By Matthew Scheffler
London is a gorgeous city, a kind of elderly statesman amongst the metropolitan capitals of Western Europe. Amidst the old, winding cobblestone lanes of Camden Market or the glowing banks of the Thames, culture blooms everywhere—there is so much to see and experience. This makes my job as a street photographer a challenge but also a thrill. As in New York, the experience of photographing London boils down to observing life in an urban space; both cities are petri dishes teeming with diversity. Perhaps the most challenging aspect as a photographer is capturing the city in a way that isn’t cliché, but instead timeless, iconic and intimate. Black cabs and scarlet double-decker buses speed by in a blur of motion, color and sound. The city is visceral—a living being, pulsating to the mechanized whir of urban life. As a tourist, a visitor, it’s hard to blend in. Now I know how it feels to be gawked at when tourists in New York visit Times Square, for example (I myself have received a fair share of annoyed glances when trying to take a selfie in Trafalgar Square). The experience of being a temporary visitor makes the task of street photography that much harder, and getting accustomed to the way local Londoners think is an aspect of that challenge. Still, it remains that London is well-stocked in its art collections, galleries and museums; it’s a fantastic city for seeing art too.
Currently I am taking a course entitled “Art & Architecture in London,” which has served as an illuminating guide into the rich history of London’s 500-year-old art scene. Led by independent art historian Dr. Geoff Snell, students are encouraged to explore the vast and diverse selection of the city’s galleries, museums and historic sites. We are given a comprehensive view of British art history from royal portraiture in King Henry VIII’s court to the latest photography of Wolfgang Tillman. Every other week, students are not in the classroom, but on class outings to museums such as the Tate Britain, Victoria & Albert Museum and the British Museum. Integrating the streets of London, the course provides practical insight and firsthand knowledge, encouraging students to explore their own interests. Learning about Britain’s most important pieces of art, and then being able to actually see them in person has been the most exciting aspect of Fordham’s London Liberal Arts program.
When one thinks of titans in the history of art, England is seldom acknowledged; as history would have it, we remember Michelangelo, Leonardo Da Vinci, Monet, Van Gogh, Picasso. Yet my time in London thus far has, if anything, shed light on Britain’s significant contributions to the art community. The city is proud of its artistic culture and celebrates it on the walls of the National Gallery, for example, where one can relish the blurry beauty of J.M.W. Turner or the scathing moral criticisms of William Hogarth. However, my favorite art institution in London is the Tate. Comprised of two separate museums, the Tate Britain and the Tate Modern, the Tate offers an incomprehensibly extensive selection of British artists. This month, our entire class had the privilege of viewing David Hockney’s retrospective at Tate Britain which encapsulates over sixty years of Hockney’s career, from his early sketches to his most recent iPad drawings. Hockney is heralded as Britain’s most prolific and virtuosic painter of post World War II twentieth century.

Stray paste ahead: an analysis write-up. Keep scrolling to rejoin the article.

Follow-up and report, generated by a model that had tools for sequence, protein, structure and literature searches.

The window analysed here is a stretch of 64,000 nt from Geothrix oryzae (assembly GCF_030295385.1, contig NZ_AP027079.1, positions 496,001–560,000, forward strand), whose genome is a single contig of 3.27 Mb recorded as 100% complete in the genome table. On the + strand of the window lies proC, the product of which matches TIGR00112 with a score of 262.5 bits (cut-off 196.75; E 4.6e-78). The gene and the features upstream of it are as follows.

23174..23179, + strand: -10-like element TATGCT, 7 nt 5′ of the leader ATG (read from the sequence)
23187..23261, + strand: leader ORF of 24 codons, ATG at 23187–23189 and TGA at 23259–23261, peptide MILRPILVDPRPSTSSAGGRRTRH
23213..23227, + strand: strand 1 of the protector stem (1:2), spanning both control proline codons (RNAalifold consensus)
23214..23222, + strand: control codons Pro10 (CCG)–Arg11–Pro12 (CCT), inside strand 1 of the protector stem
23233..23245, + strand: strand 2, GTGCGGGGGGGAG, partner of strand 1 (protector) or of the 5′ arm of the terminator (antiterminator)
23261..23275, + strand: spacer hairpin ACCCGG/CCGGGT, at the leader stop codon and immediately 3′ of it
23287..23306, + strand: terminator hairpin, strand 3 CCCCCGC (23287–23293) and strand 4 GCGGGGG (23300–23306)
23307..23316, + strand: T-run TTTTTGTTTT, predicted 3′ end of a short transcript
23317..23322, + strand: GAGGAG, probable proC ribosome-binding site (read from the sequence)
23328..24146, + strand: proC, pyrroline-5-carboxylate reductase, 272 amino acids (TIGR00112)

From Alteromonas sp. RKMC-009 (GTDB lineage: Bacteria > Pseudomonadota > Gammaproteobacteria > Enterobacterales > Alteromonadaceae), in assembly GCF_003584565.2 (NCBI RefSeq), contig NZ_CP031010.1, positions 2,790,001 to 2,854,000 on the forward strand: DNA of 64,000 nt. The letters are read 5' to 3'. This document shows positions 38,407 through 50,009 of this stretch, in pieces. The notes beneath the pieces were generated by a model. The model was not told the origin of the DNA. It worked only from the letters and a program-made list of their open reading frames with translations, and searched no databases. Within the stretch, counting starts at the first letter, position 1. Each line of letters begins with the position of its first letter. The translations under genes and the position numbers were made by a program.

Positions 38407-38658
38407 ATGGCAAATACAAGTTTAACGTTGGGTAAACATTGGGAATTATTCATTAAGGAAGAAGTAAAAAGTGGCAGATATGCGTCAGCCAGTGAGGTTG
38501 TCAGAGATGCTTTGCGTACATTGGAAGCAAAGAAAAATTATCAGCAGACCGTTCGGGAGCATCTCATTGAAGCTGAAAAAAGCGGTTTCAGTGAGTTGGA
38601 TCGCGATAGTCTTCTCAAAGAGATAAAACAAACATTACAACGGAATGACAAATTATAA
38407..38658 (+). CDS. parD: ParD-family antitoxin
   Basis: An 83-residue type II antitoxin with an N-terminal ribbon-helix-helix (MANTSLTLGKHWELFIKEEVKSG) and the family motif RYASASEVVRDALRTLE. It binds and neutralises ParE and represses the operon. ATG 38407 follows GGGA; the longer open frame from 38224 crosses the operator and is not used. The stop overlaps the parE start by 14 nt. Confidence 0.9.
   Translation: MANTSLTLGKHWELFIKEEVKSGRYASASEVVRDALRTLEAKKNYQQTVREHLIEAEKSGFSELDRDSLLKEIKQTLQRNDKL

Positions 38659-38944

But for the most part, seeing art in London is a very similar experience to seeing art in NYC. The Tate Modern is my favorite and is akin to New York’s own Museum of Modern Art, while the Tate Britain is perhaps something closer to a combination of The Met, Whitney and Frick Collection. If modern art isn’t your thing, I’d recommend the National Gallery or the British Museum; the latter chronicles the history of classic British art, while the former houses historic relics. Either way, stroll through (admission is free to most museums) and experience all facets of British art. The best way, I have found, is to walk the city — London is itself a kind of architectural gallery. Pass by landmarks new and old, for example, the Gherkin, a pickle-shaped office building designed by Foster and Partners, or The Queen’s House in Greenwich which is just outside the city proper. Despite the dreary, gray weather, the London art scene is never boring.